Thus begins the inner war.   

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Coaching the Writer in You

Published on September 1, 2006 by in Writing Coaching

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The Zen of Writing: A Coach’s Perspective

Memory, as Milan Kundera has pointed out, and as anyone who has attempted a memoir knows in his bones, is not recollection, it is reconstruction.

Recollection is, on the other hand, what we do in any creative act. Robert Burdette Sweet, author and teacher of writing, tells us in Writing Towards Wisdom: The Writer as Shaman that “all creating is a form of recollection — not a discovery but a rediscovery.”

In this respect, writing is indistinguishable from any spiritual discipline. The path is narrow, but rewarding. In Writing Down the Bones, or perhaps it was in Wild Mind (Natalie would understand), Natalie Goldberg talks about the day her Zen master told her that she must choose: her Zen or her writing. In his eyes, they were both a real discipline, a practice.

“Only by artificially channeling dramatic energy can the natural revelation of the unconscious reveal itself to the conscious.” Sweet again. And so, Sweet advises you, in perhaps the best advice to writers struggling past writer’s block, procrastination, and self-doubt, you must struggle

to trust what your unconscious is up to, no matter how bizarre, how forbidden, how complex. The main characteristic of creative persons is an enormous tolerance for ambiguity. Permit yourself not to know. You are writing the story to find out what happens and why. Since the story is writing itself, you can’t know the ending. You can’t know the middle. You might not know the beginning.

Helping you to trust yourself, your instincts, and the wise unfoldment of your unconscious is what writing coaches do. At a client’s request, we can also add accountability: X words per day or week, Y pages, Z hours — the way to measure what you will commit to doing for yourself is up to you.

In this Writing category, I invite writing coaching clients to meet and to share, to discuss their creative problems, to offer advice and encouragement, and, of course, to do whatever your intuition (aka the subconscious) tells you to do, without any backtalk.

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The advantages? Well, I’ve just opened up this service, so let me poke around as I write. That is, it’s so easy that you discover advantages just by looking around.

First, it’s an easy interface that shows you exactly how your post will appear. Otherwise known as What You See Is What You Get (often “abbreviated” with the unfortunate acronym WYSIWYG).

Second, it allows easier inclusion of photographs, like this vision of the Garden of Eden, also known as “Mieshelle in Portland’s Japanese Zen Garden”:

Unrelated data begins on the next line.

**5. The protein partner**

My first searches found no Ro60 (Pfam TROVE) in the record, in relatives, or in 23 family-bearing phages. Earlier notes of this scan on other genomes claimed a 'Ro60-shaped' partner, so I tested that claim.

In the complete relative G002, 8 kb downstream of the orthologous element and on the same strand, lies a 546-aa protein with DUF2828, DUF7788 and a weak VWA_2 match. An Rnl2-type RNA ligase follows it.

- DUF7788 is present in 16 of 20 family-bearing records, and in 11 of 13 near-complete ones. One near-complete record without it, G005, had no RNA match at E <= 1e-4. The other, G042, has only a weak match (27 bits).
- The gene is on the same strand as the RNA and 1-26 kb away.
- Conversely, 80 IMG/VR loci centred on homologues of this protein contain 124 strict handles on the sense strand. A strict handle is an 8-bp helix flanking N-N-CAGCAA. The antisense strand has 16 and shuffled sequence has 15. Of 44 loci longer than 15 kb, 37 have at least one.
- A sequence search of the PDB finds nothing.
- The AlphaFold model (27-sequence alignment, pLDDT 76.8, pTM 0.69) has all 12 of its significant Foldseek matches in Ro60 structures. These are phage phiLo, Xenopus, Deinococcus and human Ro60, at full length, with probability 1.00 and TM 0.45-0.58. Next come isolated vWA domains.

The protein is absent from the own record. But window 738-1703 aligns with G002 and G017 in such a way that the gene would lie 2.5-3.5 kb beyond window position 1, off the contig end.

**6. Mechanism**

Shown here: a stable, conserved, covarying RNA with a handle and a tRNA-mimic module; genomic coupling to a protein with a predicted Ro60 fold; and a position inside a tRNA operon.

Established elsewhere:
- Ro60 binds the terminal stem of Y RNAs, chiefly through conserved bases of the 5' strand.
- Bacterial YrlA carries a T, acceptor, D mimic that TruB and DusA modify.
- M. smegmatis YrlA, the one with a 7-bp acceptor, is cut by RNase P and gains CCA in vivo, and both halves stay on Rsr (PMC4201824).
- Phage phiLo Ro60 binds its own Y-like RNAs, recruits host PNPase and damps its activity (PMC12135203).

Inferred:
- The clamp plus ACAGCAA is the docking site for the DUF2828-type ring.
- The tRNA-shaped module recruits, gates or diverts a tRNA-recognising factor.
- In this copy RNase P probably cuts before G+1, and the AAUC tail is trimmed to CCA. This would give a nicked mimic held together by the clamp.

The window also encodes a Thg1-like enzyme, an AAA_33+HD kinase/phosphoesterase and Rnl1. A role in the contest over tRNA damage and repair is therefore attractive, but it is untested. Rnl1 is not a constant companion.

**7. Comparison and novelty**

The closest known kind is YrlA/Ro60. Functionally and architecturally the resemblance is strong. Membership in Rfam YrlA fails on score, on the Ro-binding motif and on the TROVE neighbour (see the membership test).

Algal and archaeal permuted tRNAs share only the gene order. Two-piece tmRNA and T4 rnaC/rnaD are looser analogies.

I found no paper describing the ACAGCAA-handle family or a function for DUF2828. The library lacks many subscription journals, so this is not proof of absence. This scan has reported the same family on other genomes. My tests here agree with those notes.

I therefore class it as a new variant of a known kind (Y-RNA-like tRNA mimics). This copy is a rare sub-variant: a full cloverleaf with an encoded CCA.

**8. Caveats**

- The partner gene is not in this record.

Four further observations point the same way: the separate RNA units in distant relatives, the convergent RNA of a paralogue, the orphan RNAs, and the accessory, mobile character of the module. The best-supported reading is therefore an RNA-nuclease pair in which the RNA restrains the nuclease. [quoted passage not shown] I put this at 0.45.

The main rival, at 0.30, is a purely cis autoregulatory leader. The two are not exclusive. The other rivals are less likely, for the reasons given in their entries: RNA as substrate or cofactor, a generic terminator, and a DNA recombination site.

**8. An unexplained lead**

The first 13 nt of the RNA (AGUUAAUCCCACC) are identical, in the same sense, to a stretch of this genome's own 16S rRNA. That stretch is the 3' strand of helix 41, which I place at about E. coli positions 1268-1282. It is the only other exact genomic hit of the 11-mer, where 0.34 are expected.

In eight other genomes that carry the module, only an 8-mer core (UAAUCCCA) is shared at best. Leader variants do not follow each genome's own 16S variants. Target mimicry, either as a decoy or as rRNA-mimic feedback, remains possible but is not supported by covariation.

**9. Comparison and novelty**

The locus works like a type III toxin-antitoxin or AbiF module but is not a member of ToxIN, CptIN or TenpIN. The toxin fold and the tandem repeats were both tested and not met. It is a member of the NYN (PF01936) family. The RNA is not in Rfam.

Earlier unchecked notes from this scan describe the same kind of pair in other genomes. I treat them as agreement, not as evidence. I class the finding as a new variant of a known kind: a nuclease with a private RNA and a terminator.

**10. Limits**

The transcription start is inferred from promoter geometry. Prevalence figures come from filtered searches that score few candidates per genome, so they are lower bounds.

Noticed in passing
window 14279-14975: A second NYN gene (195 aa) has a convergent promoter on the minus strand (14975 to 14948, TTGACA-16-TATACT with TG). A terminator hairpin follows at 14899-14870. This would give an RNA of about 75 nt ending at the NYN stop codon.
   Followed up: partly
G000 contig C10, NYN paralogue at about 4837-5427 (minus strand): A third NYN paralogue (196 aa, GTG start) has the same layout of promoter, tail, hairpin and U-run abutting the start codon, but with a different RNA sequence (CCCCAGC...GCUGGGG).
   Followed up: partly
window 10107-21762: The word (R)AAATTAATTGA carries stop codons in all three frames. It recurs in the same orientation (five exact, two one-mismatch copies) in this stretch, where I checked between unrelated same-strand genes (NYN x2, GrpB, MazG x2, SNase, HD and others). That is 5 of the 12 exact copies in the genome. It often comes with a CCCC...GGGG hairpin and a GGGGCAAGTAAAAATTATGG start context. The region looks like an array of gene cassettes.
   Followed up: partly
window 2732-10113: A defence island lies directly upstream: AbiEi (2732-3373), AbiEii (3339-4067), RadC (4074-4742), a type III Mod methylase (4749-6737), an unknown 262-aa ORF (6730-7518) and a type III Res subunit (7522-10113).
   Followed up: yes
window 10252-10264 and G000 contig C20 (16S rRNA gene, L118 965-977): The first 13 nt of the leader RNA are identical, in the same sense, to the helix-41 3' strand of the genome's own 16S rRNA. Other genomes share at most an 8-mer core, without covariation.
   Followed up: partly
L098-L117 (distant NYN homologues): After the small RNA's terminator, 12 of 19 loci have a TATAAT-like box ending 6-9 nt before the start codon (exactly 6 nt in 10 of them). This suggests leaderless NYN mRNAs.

Third, it’s easy to link to other sites or pages. Just highlight the term to be linked from and then either (1) click on the image of a link on a globe (get it? link on the World Wide Web?) or (2) use CTRL-K. Insert your URL where it says “URL”.

Fourth, it appears to work just like Word, so that if you highlight something like “World Wide” as above, and press CTRL-U, the term will be underlined (for all you who were still using your mouse to underline, bold, italicize, copy, cut, and paste, I have many time-saving shortcuts for you, and they are, respectively, CTRL U, B, I, C, X, and V). And don’t forget CTRL-S to save your work while you type!

You can even go up to the menu bar, click on the button next to “Save Draft” (it will have different names depending on your last selection), and choose “Web Preview” and, instantly see what your post will look like on the blog! This is really cool.

The application also spell-checks, allows changing of fonts, block quotes, and more.

HOW TO GET STARTED

Download here.

Install on your computer. Open. You will be asked for your blog address. You will be asked for your username and password. (Already provided to you via email, coaches). You will then start, thinking a thought of gratitude that the universe is so absurdly simple.

How do you make the actual post? I don’t know, let me guess, type it in here, and see if it works (if you see the post, it worked).

Aha. Just as I thought: to post, go to “File” and choose “Publish to Weblog”. Voila!

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Welcome to the new forum for coaches and clients to discuss, share ideas and best practices, bring up obstacles, and talk about successes. And just about anything else. Look for categories of discussion such as:

Career
Weight Loss
Mind Work (how to work with our thinking to change our world)
Spiritual Practice
Parenting
Self-Care (from fitness to forgiveness)
Time Management
Leadership
Marketing
and more!

All of our coaches are authors who may create original posts. All of our clients and even passersby may comment and carry on the conversation. For now, I urge each coach to begin one or more discussion forums relating to their practices, and invite their clients to come to the site and to subscribe to receive email updates. Clients are free to use pseudonyms, from Mickey Mouse and Victor Hugo to “Jim” and “Beth from Wisconsin”.

Let’s go!